Valuations are next under the microscope

Private debt has been coming under closer scrutiny in numerous respects. The methodology used to value investments is likely to be the next preoccupation for investors.

Last week in this column we examined the progress made by private debt firms so far in relation to sustainability-linked loans, a topic which will be covered in depth by our February 2022 issue cover story. What we found, in our initial research, is that plenty of progress has been made but much more remains to be done.

This acts as a reminder of private debt’s relative immaturity as an asset class. Because it has come so far so fast in terms of investor allocations – as confirmed each passing year by our Global Investor 30 and Private Debt Investor 100 rankings – it’s easy to forget that private debt is a relative newcomer when measured against other alternative asset classes such as private equity and real estate.

In a press release, the European Leveraged Finance Association and Houlihan Lokey remind us that the European private debt market has grown from €8 billion in size in 2012 to €120 billion in less than a decade. With this rapid growth has come increased regulatory scrutiny, the latest example being the EU’s much-publicised pondering of whether private debt may pose systemic risk (the Alternative Credit Council’s response to this can be found here).

But it’s not just regulators keeping a close eye on the way private debt firms conduct themselves, it’s also investors. The credibility of sustainability-linked loans, as mentioned above, is one hot topic that they’ve been closely engaged with. The next one, and what prompted the ELFA/Houlihan Lokey press release, is the issue of how managers value their investments. You could argue that this should always have been front of mind, but while valuation has been the subject of countless private equity seminars and conference panels over the years, it seems to have been somewhat below-the-radar in a private debt context.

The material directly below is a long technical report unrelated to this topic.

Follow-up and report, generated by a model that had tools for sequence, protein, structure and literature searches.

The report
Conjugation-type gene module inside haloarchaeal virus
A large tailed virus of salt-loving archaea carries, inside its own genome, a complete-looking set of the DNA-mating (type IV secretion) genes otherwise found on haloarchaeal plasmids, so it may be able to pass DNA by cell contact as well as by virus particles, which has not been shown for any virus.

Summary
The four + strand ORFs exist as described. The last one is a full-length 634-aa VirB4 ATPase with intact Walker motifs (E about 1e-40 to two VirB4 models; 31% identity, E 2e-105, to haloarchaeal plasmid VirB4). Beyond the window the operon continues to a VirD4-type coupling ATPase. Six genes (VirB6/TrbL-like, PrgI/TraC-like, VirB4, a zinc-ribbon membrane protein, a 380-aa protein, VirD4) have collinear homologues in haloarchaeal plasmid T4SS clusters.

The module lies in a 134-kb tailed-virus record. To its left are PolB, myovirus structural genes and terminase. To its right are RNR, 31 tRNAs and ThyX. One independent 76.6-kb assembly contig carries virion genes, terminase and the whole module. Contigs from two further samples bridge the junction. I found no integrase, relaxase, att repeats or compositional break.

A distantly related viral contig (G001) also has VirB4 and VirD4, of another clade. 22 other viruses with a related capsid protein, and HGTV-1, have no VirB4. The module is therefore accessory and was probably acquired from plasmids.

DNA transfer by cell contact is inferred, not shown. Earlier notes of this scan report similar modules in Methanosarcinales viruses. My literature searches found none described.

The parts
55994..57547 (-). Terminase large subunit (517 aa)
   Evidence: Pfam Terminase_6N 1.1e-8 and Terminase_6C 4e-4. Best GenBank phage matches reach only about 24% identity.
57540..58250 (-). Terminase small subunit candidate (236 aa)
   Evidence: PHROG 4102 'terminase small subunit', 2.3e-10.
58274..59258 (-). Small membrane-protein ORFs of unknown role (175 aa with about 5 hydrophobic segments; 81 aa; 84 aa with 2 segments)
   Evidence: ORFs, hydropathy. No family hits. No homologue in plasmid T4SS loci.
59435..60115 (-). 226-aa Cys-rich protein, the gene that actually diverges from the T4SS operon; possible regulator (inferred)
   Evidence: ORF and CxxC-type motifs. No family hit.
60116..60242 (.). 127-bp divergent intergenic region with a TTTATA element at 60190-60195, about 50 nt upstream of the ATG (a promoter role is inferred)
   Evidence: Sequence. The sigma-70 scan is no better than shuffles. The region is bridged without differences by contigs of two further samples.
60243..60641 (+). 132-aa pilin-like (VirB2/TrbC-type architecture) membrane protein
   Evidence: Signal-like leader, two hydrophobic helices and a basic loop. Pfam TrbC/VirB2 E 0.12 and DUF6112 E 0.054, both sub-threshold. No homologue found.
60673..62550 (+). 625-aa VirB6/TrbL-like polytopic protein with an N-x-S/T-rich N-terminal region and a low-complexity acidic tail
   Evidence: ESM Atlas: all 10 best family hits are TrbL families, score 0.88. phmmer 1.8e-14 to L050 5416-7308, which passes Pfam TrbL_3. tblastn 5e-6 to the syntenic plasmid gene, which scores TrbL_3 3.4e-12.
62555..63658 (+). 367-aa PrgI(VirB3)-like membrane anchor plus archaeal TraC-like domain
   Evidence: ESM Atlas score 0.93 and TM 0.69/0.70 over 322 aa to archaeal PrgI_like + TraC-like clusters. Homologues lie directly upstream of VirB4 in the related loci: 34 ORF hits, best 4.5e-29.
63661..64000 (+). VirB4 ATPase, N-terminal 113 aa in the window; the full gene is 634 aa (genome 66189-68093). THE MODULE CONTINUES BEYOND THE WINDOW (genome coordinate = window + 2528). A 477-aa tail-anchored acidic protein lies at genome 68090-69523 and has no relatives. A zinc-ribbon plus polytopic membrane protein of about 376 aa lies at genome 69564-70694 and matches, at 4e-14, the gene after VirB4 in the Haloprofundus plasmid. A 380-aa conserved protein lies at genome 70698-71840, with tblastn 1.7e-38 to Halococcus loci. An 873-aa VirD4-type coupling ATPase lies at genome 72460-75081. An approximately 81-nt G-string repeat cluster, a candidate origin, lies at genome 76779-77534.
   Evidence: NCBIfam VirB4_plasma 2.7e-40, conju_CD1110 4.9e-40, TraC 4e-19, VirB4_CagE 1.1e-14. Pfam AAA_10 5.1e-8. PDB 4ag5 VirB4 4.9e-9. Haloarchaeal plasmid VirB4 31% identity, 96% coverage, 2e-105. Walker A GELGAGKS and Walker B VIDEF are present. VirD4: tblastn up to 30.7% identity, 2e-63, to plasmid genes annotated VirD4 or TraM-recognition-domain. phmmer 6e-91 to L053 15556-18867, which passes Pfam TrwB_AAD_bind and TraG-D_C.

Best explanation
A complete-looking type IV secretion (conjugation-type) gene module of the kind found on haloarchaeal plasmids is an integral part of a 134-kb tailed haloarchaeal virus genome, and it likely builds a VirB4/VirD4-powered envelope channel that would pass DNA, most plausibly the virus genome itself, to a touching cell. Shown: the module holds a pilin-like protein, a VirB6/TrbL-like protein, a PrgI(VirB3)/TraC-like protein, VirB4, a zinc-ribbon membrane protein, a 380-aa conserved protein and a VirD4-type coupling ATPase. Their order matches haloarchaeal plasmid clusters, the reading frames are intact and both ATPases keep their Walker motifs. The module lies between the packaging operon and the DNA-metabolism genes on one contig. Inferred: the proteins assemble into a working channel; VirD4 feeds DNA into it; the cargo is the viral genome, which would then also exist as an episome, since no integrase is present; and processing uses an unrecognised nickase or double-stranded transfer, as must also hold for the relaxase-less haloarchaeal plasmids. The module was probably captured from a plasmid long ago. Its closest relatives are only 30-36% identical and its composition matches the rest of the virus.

This looks set to change, not least because of the market volatility that was triggered by the initial pandemic outbreak in the early months of 2020. With dislocation funds springing up left, right and centre to take advantage of discounted loans, it was a challenge to anyone who had previously assumed that the value of loans would necessarily remain steadier and more predictable than ‘racier’ types of investment.

We don’t have room here to go into the details of how private debt approaches to valuation differ (ELFA/Houlihan Lokey have delved into it, and their findings are well worth a read here). Suffice to say differences exist, especially between managers based in North America and those based in Europe. There are also some signs that managers may be moving closer to a more blended approach. As with much of the other work it does, ELFA will no doubt be striving to bring best practice and consistent standards to this area in the months and years ahead as private debt continues its march to maturity.

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